25 May 2010


I attended a conference session in which the presenter used the tech expression WYSIWYG (pronounced wizzywig). What You See Is What You Get. It is a term that means that what you see on the screen is essentially what you will see when a document or project is printed or published. How relevant that idea is in the world of books! Remember (of course you do) the old saying, "You can't judge a book by its cover?" We most often use it when speaking of people, and in this it may be as true as ever. But in books? Not so fast.

Think about it: how did you choose your last book? We've talked about this - you received a recommendation from a friend; you read a book review; or you walked around a room full of books, either the library or a bookstore, and chose the one that caught your interest. Caught it how? Usually one of three ways: you were browsing in a specialized section such as architecture or mystery. Or, you liked the snappy title: Captain Underpants and the attack of the Talking Toilets. Or you were intrigued by the cover. (Romance readers out there, who do you think you're kidding?)

How important is cover illustration? Think about a recent purchase, the one where the cover caught your eye. Do you feel the cover represented a promise of what was inside? If so, was that promise fulfilled or disappointed? If you bought a book because the cover suggested a compelling or exciting story, and the story was a dreadful loss, do you feel cheated? Along this same line, is it possible for a cover to over sell its book? Do you think that the cover predisposes you to interpret a book a certain way? It is best to remember that covers can lie.

I recently attended a workshop by a successful children's author. She was absolutely delightful, with a witty humor and a real sense of what kids enjoy. I felt bad that many of her early books were (in my opinion) so poorly illustrated. Her most recent effort was being illustrated by an excellent and proven illustrator whose name you would likely recognize if you have much acquaintance with "kid lit." This author has won awards for her writing, apparently in spite of weak illustration, so my thesis may be faulty, but I still can't help but think that this newest book will be a bigger commercial success.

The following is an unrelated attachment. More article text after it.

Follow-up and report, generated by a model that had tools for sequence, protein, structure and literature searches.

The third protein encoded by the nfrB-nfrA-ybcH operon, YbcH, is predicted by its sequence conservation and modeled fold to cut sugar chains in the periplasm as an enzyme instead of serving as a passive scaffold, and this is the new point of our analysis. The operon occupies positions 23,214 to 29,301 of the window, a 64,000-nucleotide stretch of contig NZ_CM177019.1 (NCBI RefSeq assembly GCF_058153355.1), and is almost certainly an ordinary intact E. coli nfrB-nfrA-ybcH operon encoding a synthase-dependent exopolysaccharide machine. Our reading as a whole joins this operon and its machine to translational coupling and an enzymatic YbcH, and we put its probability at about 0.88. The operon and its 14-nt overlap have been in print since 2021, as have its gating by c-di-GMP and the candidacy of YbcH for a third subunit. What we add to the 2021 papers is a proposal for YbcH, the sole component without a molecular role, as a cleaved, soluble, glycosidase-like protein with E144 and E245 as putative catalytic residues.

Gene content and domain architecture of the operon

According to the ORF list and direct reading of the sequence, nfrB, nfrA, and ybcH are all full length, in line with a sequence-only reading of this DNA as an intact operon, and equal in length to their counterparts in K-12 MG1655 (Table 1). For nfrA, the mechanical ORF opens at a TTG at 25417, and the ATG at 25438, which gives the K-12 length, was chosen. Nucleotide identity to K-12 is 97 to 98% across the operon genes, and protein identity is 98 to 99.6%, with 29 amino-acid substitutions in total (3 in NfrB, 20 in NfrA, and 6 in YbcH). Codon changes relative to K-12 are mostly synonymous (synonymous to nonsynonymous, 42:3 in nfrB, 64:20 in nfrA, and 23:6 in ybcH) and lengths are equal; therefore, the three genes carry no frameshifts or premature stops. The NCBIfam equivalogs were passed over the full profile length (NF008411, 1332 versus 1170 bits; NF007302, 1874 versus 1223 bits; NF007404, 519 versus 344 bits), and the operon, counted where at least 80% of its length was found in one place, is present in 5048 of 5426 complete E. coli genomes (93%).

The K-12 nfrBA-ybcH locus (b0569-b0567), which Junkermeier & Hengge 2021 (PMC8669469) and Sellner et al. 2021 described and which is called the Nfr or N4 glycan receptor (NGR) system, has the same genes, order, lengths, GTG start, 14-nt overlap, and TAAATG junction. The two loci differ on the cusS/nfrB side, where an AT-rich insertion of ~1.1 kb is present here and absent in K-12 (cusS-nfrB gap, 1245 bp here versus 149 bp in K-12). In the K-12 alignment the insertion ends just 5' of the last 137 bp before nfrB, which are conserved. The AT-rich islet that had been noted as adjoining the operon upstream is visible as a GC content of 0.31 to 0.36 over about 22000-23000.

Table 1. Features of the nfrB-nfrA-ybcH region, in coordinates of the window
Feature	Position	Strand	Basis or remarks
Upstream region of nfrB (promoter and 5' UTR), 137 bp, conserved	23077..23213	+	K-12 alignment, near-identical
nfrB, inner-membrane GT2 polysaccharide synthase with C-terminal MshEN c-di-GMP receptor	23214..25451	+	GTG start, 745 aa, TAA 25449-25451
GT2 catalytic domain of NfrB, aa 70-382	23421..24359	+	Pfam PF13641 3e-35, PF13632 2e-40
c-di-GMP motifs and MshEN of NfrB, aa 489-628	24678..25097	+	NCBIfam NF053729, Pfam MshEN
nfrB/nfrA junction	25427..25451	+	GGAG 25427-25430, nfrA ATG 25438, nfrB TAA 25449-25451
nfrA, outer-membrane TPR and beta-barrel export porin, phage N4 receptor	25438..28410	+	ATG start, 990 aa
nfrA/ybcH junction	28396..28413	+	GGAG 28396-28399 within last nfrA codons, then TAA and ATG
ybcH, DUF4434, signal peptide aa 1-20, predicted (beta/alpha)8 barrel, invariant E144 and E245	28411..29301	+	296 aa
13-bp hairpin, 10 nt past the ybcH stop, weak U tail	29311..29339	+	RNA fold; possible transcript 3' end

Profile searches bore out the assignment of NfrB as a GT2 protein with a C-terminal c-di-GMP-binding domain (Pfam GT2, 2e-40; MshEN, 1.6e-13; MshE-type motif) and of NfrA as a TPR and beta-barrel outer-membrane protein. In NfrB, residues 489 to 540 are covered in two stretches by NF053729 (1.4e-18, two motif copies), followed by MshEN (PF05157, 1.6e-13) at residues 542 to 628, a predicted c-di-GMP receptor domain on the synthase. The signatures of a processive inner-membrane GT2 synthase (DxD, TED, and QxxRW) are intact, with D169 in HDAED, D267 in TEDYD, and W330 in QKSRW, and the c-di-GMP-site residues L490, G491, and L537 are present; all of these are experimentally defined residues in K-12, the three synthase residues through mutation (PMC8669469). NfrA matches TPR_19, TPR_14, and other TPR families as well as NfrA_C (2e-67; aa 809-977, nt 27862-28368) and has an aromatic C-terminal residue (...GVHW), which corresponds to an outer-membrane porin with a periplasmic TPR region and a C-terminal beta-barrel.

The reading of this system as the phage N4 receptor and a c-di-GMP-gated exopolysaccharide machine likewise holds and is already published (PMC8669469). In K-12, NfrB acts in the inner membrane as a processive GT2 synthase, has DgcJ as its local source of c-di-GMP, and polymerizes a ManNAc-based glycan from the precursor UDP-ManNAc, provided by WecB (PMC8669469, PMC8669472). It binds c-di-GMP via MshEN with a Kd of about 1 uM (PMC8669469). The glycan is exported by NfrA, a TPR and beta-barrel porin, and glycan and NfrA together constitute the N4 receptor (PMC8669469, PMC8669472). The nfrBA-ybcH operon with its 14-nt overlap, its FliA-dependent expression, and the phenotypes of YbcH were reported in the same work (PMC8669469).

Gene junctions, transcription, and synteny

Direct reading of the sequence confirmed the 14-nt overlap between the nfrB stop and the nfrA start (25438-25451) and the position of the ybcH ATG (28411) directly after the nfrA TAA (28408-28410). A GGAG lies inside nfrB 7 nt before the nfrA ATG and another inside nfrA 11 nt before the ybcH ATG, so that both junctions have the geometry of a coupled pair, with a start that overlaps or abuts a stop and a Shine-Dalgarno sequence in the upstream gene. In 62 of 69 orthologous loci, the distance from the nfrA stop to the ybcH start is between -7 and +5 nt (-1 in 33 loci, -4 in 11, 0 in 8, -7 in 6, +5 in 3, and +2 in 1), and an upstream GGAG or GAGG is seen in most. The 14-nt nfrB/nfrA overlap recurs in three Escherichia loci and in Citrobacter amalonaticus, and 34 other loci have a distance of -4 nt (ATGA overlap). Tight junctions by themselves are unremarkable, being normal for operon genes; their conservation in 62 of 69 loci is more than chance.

Remember library edition books - the ones with those boring (but sturdy) green, black, brown or burgundy plain cover bindings. They were called "library bindings" and were meant to serve as the rough equivalent of the dreaded orthopedic shoe. They were not attractive, but were able to take a lot of wear and tear. You don't see those bindings very often nowadays, and you can bet it was a market decision. Don't believe me? What company's illustration are you apt to see on your volume of Cinderella? In our modern hyper-visual society, books with flat, boring, unillustrated covers do not circulate or sell.

This being the case, you can be assured that a great deal of effort and expense has gone into the visual signature of successful books. These days, an ambitious books does not rely solely on a marketing drive, or a book-signing tour, or a series of author talks to make it's way in the world. It advertises itself: flashy, picturesque, iconic, graphic. Each cover is a seduction. Se-ducere - to lead aside (or astray). Cover art, like other temptations, is meant to be enticing.

So cruise the stacks. Be tempted. After all, the cover art is half the fun. But remember to keep a cool head: you can't always judge a book by its cover.

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